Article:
Now 47, he thinks poetry’s broad reach—thanks to technology—is “a beautiful thing.” That audience has found Woods’ work in several books, on NPR, through a poetry series he co-founded and the nonprofit organization Poetry Slam, of which he was a former president, among other achievements.


But when it comes to his city’s own prospects, there’s one thing he hopes for most. “(Columbus) is still looking for an identity. I’d hope that one day, Columbus finds what it’s looking for,” Woods said. “I hope I’m alive to see it because what it has isn’t the answer.”


Scott Woods is a poet and author born in Louisiana and raised in Columbus, where he still resides. An accomplished writer and performer, Woods works at The Columbus Metropolitan Library and believes that libraries are “the second-greatest invention of mankind ever.” (The first, he says, is music.) He also is a horror movie buff and counts John Carpenter’s The Thing as a favorite.



On Friday, November 16, 2018, fourteen Columbus area residents will become part of the TEDxColumbus community when they present their talks for On the Edge.


Meet Ronald Murray:

Voguing demonstration will bring glimpse of house and ballroom culture to TEDx stage


By Wendy Cornett


This summer, producer Ryan Murphy’s FX drama Pose brought the underground house and ballroom scene to the surface and showcased an unprecedented number of transgender actors as series regulars. One of Columbus’ own curators of house and ballroom will share his perspective — along with a demonstration — of this vital, life-affirming culture.


Social worker Ronald G. Murray is also known to some as Father Ron “drama” Xclusive Lanvin. Since 1993, Murray has gone from active participant to respected leader in the house and ballroom community, which serves as a sanctuary for LGBTQ people of color who are ostracized by their birth families.


“This underground community existed because there were individuals who were rejected by their regular families because they came out as gay,” Murray explained. “They found commonalities among one another, and they started creating their own families, and they called these families ‘houses.’ Back then, you essentially stayed in the house with the people who were part of your family because you had no place else to go.”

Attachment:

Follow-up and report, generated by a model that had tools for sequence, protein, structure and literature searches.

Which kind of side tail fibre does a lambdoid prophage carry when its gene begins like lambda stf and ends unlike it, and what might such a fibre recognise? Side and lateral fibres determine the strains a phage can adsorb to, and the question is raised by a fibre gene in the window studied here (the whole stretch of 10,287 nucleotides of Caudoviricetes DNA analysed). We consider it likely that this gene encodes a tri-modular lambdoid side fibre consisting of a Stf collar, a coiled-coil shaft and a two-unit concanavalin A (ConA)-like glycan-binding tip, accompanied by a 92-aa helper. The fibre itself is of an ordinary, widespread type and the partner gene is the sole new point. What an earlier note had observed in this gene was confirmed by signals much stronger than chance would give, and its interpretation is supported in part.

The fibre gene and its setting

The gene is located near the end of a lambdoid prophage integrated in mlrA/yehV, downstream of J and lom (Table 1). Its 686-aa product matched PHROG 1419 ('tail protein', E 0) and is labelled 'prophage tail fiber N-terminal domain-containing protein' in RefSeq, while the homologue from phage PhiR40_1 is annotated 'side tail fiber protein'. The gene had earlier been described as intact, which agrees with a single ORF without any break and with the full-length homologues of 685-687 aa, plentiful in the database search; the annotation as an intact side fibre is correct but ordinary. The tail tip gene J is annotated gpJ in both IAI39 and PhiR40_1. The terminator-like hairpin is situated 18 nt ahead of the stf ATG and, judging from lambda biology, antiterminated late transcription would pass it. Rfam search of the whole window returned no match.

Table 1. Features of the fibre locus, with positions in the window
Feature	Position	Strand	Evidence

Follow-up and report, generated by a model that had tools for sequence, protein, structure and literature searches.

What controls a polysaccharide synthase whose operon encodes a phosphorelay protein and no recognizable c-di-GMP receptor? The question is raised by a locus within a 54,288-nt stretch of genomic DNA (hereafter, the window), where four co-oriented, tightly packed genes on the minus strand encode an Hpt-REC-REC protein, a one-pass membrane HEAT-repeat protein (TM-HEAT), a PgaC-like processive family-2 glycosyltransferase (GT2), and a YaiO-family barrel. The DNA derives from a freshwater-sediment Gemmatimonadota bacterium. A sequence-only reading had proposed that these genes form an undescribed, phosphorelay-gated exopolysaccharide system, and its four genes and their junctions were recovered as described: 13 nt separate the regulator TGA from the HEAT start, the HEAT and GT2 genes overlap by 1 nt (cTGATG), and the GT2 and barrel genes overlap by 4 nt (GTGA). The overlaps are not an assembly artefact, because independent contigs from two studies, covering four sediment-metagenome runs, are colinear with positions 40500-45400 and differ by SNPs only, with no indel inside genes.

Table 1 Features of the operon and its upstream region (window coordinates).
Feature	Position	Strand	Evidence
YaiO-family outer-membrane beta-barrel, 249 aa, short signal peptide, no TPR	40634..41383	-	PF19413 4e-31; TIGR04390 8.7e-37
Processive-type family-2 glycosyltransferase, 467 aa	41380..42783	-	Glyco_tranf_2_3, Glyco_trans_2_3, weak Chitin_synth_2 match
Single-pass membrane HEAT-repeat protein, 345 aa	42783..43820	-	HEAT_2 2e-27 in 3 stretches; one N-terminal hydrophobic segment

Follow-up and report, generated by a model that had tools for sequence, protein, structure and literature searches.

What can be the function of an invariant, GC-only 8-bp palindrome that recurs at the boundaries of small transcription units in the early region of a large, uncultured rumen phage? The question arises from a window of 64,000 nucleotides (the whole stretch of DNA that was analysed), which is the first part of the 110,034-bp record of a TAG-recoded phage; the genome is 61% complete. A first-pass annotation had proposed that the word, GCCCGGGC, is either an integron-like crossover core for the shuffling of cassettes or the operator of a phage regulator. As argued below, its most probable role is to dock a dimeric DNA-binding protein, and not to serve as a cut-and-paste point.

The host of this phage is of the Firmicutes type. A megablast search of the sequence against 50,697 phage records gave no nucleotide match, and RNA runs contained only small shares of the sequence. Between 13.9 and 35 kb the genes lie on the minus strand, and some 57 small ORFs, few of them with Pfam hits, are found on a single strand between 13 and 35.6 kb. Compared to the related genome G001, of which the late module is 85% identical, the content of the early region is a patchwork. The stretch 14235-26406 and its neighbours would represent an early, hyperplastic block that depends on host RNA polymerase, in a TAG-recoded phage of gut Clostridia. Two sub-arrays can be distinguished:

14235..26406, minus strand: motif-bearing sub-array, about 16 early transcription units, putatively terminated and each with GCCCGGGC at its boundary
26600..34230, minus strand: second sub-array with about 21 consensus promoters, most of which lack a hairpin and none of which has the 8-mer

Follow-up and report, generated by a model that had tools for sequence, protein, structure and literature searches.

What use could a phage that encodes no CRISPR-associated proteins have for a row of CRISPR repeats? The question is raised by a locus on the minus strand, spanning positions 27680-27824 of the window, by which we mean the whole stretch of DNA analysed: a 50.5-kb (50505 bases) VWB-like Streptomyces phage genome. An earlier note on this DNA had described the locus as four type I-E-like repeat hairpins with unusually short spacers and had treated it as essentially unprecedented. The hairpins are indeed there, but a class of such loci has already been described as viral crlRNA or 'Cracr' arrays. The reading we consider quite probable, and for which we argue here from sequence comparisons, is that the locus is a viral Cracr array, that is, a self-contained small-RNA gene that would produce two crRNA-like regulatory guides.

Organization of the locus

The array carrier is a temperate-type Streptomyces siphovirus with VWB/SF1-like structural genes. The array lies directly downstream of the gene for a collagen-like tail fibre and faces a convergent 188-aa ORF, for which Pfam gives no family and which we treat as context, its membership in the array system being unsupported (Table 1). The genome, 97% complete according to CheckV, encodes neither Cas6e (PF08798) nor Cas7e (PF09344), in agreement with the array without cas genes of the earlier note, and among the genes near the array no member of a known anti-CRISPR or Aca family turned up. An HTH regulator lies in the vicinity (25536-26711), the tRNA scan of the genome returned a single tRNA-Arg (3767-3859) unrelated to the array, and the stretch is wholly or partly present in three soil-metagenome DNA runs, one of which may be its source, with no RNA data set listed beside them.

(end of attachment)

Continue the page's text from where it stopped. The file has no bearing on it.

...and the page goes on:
At just 44, Murray is already preparing to assume the mantle of family elder to fill a void in the black gay population.


“In the black gay community, there aren’t many elders due to HIV/AIDS decimating an entire generation of our society,” he said, adding that few black gay men make it to their 50s. “One reason I stay involved in ballroom is that it allows me to connect with the younger generation and role model how to be a professional man.”


The family-like structures within the houses — complete with mother and father figures, sisters and brothers — provide, among other benefits, an atmosphere of inclusiveness and empowerment. Competitions (called balls) allow family members to express their truest selves in safe, supportive surroundings, while competing for prizes in different categories, one of which is voguing.


“Voguing became popular in the mainstream communities when Madonna created a song regarding it, but we’ve been voguing in our communities since the 1970s,” Murray noted.


To give the TEDx audience a live look at the energy and talent on display during a competition, Murray’s presentation will include a voguing demonstration courtesy of house and ballroom community participants.


Along the way, Murray will share his insights into the history and culture of house and ballroom, the uniqueness of it, and the importance of it for those who depend upon it for survival.


“Today, there are house and ballroom members who are doctors, lawyers, social workers,” he added. “We are writers; we are choreographers; and these are things that we wouldn’t be if it wasn’t for the ballroom community.”


Ronald G. Murray is a community leader with more than 15 years of training, education advocacy, counseling and social work experience beginning as a youth HIV/AIDS advocate consultant. He also is the founder and CEO of P.E.A.C.E. of Mind, LLC, a consulting agency that provides personal and professional development and education on the issues surrounding LGBTQ people of color.


Murray also has been an active participant and leader in the underground house and ballroom culture since 1993. He is committed to educating others about and advocating for this community as a safe and worthy conduit for local and national outreach, education, support and visibility. Additionally, Murray is a licensed social worker and chemical dependency counselor with a master’s degree in public administration. He lives in Columbus.


On Friday, November 16, 2018, fourteen Columbus area residents will become part of the TEDxColumbus community when they present their talks for On the Edge.


Meet Edith Espinal:

After a year in sanctuary, local, undocumented immigrant wants to ‘keep fighting for my family’


by: Cheryl Forcina


Last October, Edith Espinal entered the Columbus Mennonite Church in Columbus’ Clintonville neighborhood seeking refuge from the government’s deportation policies. A year later, the fight in her hasn’t waned; it’s only been strengthened by family, community and time.


When the kitchen inside the Columbus Mennonite Church isn’t already bubbling with activity, Edith Espinal uses it to cook for her family.


“My kids, they like anything I cook,” she said, a proud mom.


But it’s after dinner, during the quiet of weekend evenings when the family settles into the night’s movie, that truly transports Espinal outside the church’s four walls.


“When we’re watching movies, I’m not thinking I’m here in the church,” she said. “I feel like I’m home when my family is here.”